Blocking and Tackling. It’s football season, so a discussion of fundamentals essential to successful performance is worth having. Sound fundamentals are equally important in football and in business. The fundamentals of performance and management are vital to success, but because they tend to be basic, they can often be overlooked to one’s detriment. In football, players know the fundamentals of tackling (we know this because we see them do it on the field), but too often they forego that tackle for a big, shoulder-first hit that fails to bring down the ball carrier but would have made Sports Center had the runner gone down. Ignoring the fundamentals leads to opponents’ touchdowns in football and the erosion of profits in construction.
So how does this discussion specifically relate to construction? Change orders are both unique to and inherent in the construction industry. Our contracts have provisions in them allowing for easy modification and changes. No other industry creates contracts with the specific intent that the terms will be altered before completed performance. In that sense, changes are fundamental to the industry. The manner in which contractors document changes and protect profit margins is the blocking and tackling of construction.
In today’s construction market, contractors are being asked to do more with less and continue to feel pressure to maintain thin margins as a result of strong competition for work. When working on complex projects with thin margins, changed work presents a significant risk of profit erosion. In addition to requiring a scope modification, a change may impact subsequent activities, time, equipment, and site resources. These impacts, the failure to anticipate their effect on a job, and the failure to capture all costs associated with a change can erode profit and turn a profitable project into a money loser.
Project personnel should be reminded to use care and diligence in recognizing changed conditions. Also, keep in mind that a change may not be limited to a scope modification or performance of extra work. For example, a civil project involving significant amounts of concrete placement typically involves an organized series of inspections before and after pours. A change can occur to the inspection process. If these quality control measures are modified by change order, the pricing for this change needs to take into account the additional time, overhead, impact on rebar and concrete subs, and subsequent activities. Failure to anticipate and include these costs can erode profit.
Modifying this example can provide an illustration of how a constructive change can be equally devastating on profit. Assume that the inspection and quality control process is not formally changed, but the specification sections outlining the inspection process are not followed, a constructive change could occur. If the inspection process goes off the rails, the impacts from this constructive change can be severe. Each work activity can require additional work and time. If this changed condition is not recognized, the ultimate impact could be a complete erosion of profits.
When changes occur, proper documentation is essential to capturing potentially lost profit. In the case of a constructive change or a directed change, a fully negotiated, written change order may not exist. When a contractor is required to perform changed work without a negotiated price, carefully complied cost records and detailed daily reports and correspondence addressing the changed work will allow the contractor to approach the owner and receive compensation for the changed work.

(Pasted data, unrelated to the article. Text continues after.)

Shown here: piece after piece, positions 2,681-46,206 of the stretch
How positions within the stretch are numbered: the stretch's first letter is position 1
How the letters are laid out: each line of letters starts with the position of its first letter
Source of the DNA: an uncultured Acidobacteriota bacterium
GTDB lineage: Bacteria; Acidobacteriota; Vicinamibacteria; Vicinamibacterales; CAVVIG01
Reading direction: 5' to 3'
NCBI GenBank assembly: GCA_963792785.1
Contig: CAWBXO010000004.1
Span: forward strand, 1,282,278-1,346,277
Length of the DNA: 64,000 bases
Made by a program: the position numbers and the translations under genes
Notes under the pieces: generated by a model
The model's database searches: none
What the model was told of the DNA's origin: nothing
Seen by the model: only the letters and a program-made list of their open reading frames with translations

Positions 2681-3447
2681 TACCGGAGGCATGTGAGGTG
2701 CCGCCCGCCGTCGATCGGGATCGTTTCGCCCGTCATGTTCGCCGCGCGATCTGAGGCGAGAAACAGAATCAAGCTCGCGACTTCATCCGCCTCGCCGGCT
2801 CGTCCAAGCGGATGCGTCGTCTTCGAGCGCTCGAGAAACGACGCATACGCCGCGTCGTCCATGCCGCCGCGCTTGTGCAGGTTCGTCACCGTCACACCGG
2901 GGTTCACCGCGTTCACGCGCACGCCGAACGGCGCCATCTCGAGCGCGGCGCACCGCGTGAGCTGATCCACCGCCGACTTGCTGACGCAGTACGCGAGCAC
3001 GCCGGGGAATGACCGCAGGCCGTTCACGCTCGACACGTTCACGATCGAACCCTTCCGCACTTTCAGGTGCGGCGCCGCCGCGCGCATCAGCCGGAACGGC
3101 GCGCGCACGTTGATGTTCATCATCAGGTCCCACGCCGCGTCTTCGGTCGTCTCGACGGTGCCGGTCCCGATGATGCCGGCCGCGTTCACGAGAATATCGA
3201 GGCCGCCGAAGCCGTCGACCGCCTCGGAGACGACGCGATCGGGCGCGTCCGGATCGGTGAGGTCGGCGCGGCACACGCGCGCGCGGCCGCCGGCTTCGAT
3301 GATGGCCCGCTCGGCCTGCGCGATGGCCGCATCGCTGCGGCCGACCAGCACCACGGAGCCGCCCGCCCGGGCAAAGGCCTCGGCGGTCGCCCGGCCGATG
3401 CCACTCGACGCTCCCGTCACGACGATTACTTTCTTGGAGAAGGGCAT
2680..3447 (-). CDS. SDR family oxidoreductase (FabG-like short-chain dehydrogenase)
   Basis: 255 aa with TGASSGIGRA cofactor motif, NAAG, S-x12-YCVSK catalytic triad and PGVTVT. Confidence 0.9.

In addition to the above issues that can erode profit, the core contract terms may also contain obstacles to allowable changes or recovery that can also affect the bottom line. Building on the above example–let’s assume that the contract has a 10-day notice requirement for any condition or event that might necessitate a change. This language could be either a covenant or a condition precedent. If written in a way that says the contractor shall give notice not later than 10 days from the start of an event, then the language is a covenant or a promise to do so. But, if written in a way that is says the contractor must give notice or it waives its rights to any change or claim, then the language becomes a condition precedent in that notice must be given or the contractor cannot recover funds. Depending on contract terms, failure to immediately recognize the changed condition could be extremely detrimental to the contractor’s profitability.
Other contractual terms may limit the amount of profit and overhead a contractor may receive on any individual change. If performance of a change will necessitate additional jobsite overhead, then that must be priced as a direct cost when working with a contract that limits overhead or the ability to make a profit on that changed work may be impaired. Waivers of delay damages and consequential damages can also adversely impact a contractor’s ability to recovery costs when conditions change as discussed in the example above or similar situations.
Even contractors with exceptional estimators who are highly skilled at pricing work for change requests can find themselves losing money due to unanticipated impacts and changed conditions on a project. Contractors who remain cognizant of the need to anticipate and evaluate the impact from changed work can account for or include those costs into the pricing for changes. This awareness will protect profits and ensure changes can be dealt with successfully.
This article was initially published in the November 2013 issue of Texas Contractor Magazine.